Irish Ferries W.B. Yeats which has been delayed in resuming Ireland-France 'cruiseferry' sailings by almost three months due to Covid19, has finally begun its 'seasonal' service role, writes Jehan Ashmore.
Afloat tracked W.B. Yeats depart Dublin Port yesterday for the first sailing to Cherbourg which was originally scheduled to have taken place in mid-March.
The ferry operator is continuously monitoring the evolving Covid19 situation in relation to passenger travel and has FAQ's through this LINK for consultation.
In addition Irish Ferries maintain links for essential travel such as repatriation and travel for carers/essential workers including medical staff.
As for freight traffic this has been consistent throughtout the ongoing health crisis in playing a critical role in the supply chain. This enables keeping supermarket shelves remain stocked and important pharmaceutical and medical supplies shipped.
Since the end of the 2019 season, ropax Epsilon has maintained the year-round operated service until Monday of this week. On this day, the Irish Government eased the Covid-19 restrictions under Phase 2, noting as for travel limits they be lifted from the end of June. For important travel information from the Dept of Foreign Affairs click here.
Also on that day Afloat tracked the arrival to Dublin of the chartered ropax ferry from France followed by W.B. Yeats from Holyhead, Wales. Later it would be the case for both cruiseferry and the 'no-frills' ropax make Dublin-Holyhead sailings as scheduled.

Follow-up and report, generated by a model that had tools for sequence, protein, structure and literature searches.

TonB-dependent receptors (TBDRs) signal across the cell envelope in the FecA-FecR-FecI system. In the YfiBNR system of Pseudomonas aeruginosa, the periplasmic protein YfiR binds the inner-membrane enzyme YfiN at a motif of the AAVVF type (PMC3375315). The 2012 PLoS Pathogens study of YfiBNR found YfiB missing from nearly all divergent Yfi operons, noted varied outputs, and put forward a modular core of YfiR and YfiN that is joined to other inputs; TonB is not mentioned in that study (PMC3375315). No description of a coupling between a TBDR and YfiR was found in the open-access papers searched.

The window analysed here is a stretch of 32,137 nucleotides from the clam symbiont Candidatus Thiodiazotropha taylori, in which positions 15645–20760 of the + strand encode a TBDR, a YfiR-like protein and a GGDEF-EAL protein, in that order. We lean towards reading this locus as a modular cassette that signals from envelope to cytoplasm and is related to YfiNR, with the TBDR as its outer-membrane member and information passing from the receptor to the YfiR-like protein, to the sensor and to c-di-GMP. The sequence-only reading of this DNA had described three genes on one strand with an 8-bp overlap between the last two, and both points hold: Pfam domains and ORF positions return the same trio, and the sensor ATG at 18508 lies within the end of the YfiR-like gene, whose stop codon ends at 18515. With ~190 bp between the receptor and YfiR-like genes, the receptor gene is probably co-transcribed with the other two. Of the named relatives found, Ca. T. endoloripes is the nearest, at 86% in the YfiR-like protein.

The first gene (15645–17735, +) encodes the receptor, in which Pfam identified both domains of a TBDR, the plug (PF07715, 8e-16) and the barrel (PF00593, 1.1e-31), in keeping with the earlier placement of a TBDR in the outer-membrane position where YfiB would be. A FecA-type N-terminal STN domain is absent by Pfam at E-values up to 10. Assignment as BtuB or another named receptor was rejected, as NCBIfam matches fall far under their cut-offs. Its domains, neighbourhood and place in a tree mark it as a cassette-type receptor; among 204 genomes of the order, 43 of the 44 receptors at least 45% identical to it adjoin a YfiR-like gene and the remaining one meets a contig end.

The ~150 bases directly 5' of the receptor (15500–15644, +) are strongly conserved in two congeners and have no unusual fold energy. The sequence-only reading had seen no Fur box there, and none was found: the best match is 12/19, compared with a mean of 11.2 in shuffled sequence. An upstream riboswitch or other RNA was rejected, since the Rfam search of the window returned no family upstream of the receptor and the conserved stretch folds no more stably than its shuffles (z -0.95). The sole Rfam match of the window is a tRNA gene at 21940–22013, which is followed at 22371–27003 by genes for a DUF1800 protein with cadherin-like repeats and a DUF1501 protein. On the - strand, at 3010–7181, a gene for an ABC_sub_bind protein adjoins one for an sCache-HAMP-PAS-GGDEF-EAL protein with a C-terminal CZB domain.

Also due to Covid19, all fastferry sailings by Dublin Swift that were due to resume seasonal services in April are cancelled.
W.B. Yeats had as scheduled served on the Ireland-Wales during the winter months in tandem with the route's main cruiseferry Ulysses and the aforementioned Epsilon. As for W.B. Yeats service on the Irish Sea short-sea route was longer then planned due to Covid19 that led unexpectingly into the Spring.
During that timeframe, Ulysses was away for several months for planned annual dry-docking but this year took place in Poland, where emission 'scrubbers' required by the EU Sulphur Directive to reduce pollution were installed. Such features are included in the 2018 German shipyard built W.B. Yeats though the superstructure was completed in Poland and towed by barge for heavy-lift transfer onto the hull.
W.B. Yeats return to service saw the cruiseferry today make an arrival to the French port located at the northern tip of the Cotentin Peninsula in Normandie. Its location is notably ideall for those intending to the visit the Normandy beaches involved in the WW2 where the D-Day Landings took place on 6th June 1944. Last year marked the 75th anniversary of the Battle of Normandy where Irish people served among the allied forces invasion of occupied France.
Returning to the present where at the French port is from where at the time of writing, W.B. Yeats departed bound for the Irish capital where it is due to make an arrival tomorrow morning before resuming sailing again at 1600hrs.
The Port of Cherbourg SAS is operated by the private company whose shareholders are the West Normandy Chamber of Commerce and Louis Dreyfus Shipowners. This established French shipping company through a subsidary LD Lines, was a big player mostly in the 2010's by rapidly expanding a route network involving France, UK, Ireland and Spain but is no longer in existance.
Among its earlier routes launched was Le Havre-Rosslare in late 2008 however this was short-lived as LD Lines ceased the service in the next year. However they chartered the route's ropax Norman Voyager to Celtic Link Ferries (now part of Stena Line). See recent related story here.